Initially discovered by Eset security researcher, Lukas Stefanko, a new strain of spyware which targets Android users and is able to steal data from Whatsapp. The spyware was discovered as an open development project and besides been able to steal data from Whatsapp accounts it also contains a variety of standard surveillance features. It was not only Stefanko who deemed the spyware important enough to warrant further investigation. G DATA SecurityLabs published a report on the spyware. It was discovered that the malware's code was deposited in a public repository titled "OwnMe" on GitHub. It also became quickly apparent that the malware is still in development. With the exception of malicious code such as ransomware, the majority of malware families will attempt to hide their presence in infected devices through covert operations and obfuscation techniques.

Another telling bit of information that indicated the spyware is still under development was a pop-up message stating “Service started” when installed. It is highly unlikely the developers would choose to inform victims they had just been infected in such a way. This is especially true when creating spyware. Although unfinished the spyware does boast a number of interesting features, the main one being the function to compromise Whatsapp data.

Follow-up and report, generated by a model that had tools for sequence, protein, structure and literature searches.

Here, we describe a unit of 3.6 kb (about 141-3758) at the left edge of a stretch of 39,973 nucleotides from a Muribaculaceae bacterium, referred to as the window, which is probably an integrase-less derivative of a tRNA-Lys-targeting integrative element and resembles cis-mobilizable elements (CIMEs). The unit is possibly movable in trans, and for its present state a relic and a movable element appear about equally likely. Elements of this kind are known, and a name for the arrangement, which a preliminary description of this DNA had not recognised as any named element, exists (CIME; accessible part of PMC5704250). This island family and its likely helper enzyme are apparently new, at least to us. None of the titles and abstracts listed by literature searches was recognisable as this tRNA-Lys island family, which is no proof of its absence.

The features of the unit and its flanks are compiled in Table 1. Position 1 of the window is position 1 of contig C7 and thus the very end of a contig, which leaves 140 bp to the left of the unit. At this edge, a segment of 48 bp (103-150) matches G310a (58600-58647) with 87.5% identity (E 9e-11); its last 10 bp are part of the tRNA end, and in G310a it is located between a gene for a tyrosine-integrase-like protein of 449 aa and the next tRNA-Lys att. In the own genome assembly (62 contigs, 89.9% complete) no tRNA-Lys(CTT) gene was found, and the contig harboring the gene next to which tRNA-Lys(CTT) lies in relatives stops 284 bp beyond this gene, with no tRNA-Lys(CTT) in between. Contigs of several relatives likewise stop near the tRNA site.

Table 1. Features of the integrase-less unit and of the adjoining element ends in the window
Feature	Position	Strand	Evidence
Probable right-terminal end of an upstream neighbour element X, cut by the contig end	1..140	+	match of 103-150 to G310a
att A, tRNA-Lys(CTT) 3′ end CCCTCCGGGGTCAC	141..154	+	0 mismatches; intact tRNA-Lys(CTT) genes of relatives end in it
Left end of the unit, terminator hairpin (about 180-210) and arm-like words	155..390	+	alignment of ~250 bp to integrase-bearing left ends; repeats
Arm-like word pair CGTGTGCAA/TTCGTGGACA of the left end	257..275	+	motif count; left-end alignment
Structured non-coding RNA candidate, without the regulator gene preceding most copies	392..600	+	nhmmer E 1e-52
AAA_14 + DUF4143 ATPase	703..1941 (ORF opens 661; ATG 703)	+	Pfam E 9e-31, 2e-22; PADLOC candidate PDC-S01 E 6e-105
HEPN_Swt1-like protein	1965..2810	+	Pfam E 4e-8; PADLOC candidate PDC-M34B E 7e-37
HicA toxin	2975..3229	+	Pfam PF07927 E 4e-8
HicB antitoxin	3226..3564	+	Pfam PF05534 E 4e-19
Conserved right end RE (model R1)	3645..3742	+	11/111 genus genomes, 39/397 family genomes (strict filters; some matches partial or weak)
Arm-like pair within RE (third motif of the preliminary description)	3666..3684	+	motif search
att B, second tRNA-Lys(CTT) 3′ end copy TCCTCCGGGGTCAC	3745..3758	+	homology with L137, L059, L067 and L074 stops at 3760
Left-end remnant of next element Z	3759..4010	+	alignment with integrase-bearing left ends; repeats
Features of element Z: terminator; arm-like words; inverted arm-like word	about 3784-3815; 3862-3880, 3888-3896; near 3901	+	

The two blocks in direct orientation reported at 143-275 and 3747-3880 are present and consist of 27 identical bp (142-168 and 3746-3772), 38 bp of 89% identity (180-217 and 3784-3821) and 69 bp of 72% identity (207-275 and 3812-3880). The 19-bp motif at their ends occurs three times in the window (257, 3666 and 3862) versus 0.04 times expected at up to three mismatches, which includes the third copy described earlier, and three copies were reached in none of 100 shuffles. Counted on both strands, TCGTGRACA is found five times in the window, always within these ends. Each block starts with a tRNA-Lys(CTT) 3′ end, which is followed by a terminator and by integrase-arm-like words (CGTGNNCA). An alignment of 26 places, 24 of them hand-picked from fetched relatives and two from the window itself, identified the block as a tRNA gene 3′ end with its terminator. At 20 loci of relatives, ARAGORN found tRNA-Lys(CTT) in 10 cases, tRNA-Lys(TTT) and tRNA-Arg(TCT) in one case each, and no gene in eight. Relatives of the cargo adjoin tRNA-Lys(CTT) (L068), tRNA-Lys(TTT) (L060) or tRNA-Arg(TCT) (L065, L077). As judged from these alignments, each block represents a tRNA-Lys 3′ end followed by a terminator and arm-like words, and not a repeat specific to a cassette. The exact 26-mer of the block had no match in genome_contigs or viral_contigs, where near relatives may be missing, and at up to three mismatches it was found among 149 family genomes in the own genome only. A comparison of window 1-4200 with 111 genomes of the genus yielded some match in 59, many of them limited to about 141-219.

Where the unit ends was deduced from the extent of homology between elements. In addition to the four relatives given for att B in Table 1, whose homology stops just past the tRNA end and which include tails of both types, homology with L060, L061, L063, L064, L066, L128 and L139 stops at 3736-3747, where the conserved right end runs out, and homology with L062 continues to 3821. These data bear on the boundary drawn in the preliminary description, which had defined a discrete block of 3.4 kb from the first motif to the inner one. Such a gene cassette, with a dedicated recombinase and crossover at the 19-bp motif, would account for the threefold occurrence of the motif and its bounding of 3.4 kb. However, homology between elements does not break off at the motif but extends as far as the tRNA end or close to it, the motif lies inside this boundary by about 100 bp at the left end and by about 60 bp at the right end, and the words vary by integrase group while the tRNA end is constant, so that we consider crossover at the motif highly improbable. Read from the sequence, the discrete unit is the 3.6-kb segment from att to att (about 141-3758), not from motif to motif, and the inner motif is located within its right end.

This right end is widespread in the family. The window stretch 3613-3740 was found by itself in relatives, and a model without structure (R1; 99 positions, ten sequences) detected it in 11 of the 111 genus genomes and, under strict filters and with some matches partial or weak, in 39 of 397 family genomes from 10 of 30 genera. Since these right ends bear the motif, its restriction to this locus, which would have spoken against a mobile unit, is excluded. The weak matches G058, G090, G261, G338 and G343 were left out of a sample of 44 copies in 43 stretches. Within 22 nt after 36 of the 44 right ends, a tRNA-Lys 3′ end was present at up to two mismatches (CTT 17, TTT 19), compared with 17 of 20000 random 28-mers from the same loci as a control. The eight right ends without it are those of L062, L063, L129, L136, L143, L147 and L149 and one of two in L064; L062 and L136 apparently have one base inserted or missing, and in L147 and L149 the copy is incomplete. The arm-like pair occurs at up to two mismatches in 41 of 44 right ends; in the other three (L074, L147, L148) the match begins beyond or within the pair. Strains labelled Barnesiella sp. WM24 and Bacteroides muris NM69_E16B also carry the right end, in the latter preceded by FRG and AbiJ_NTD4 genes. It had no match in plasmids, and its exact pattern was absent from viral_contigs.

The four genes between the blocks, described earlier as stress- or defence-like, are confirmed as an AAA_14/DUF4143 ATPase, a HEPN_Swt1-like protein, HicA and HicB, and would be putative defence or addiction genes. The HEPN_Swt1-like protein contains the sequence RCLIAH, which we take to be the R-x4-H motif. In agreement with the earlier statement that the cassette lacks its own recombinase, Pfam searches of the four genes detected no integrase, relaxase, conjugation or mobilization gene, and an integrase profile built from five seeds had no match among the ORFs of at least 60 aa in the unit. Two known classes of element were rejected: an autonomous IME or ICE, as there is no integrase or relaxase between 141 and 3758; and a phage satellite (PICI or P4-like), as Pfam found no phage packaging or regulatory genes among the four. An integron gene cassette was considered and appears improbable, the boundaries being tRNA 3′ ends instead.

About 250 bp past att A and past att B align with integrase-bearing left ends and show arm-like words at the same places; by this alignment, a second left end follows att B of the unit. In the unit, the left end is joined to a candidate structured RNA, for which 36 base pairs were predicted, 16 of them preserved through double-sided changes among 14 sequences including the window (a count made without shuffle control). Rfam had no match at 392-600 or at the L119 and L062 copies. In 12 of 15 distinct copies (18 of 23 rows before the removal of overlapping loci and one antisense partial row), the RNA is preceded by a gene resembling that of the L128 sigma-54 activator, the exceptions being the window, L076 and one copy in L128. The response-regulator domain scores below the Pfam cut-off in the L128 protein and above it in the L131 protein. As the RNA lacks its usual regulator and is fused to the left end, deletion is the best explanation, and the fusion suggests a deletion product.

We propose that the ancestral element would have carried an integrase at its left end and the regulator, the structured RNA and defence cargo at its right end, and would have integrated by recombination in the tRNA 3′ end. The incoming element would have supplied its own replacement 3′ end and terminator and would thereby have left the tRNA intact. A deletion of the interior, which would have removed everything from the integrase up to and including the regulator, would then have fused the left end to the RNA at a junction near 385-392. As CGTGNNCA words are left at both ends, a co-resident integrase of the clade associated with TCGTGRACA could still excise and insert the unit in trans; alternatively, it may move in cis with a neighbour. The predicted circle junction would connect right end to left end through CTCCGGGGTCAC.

This function uploads the user's WhatsApp database to a command and control server using a .php query, as well as the username and the android_id variables taken from the startup process. The malware is also to use a function named getHistory() to grab titles, times, URLs and visits from user bookmarks. However, this function only fetches saved bookmarks and, at least at present, is not able to rifle through the full browsing histories of victims. Like some other spyware strains, the user’s contacts are also targeted. The spyware can access both contacts and call logs although this feature does require the user to grant the relevant permissions. Lastly, the malware will restart after the device is rebooted in order to maintain persistence.

Last, but certainly not least

In August of this year, researchers at Bitdefender discovered another piece of Android spyware which they called Triout. A particularly powerful strain of spyware it has the ability to record phone calls, monitor text messages, secretly steal photos and videos, and collect the location of the user is disguising itself in a repackaged version of a legitimate app and being distributed as part of what appears to be a targeted and sophisticated espionage campaign. According to researchers at Bitdefender, the malware has been active since at least May this year and is packaged inside a phony version of an Android app which was previously available on the Google Play store in 2016, but has since been removed. The repackaged version of the app is still signed with an authentic Google Debug Certificate.

The research initially suggests the malware originated from Russia. However, the majority of the detected samples are in Israel, pointing to the possibility of a specially targeted campaign against individuals within the country. That been said, not enough research has been done to suggest who may be responsible. Currently, it can be assumed that those behind the spyware have access to resources and knowledge to build a sophisticated form of spyware meaning, not your average hacker.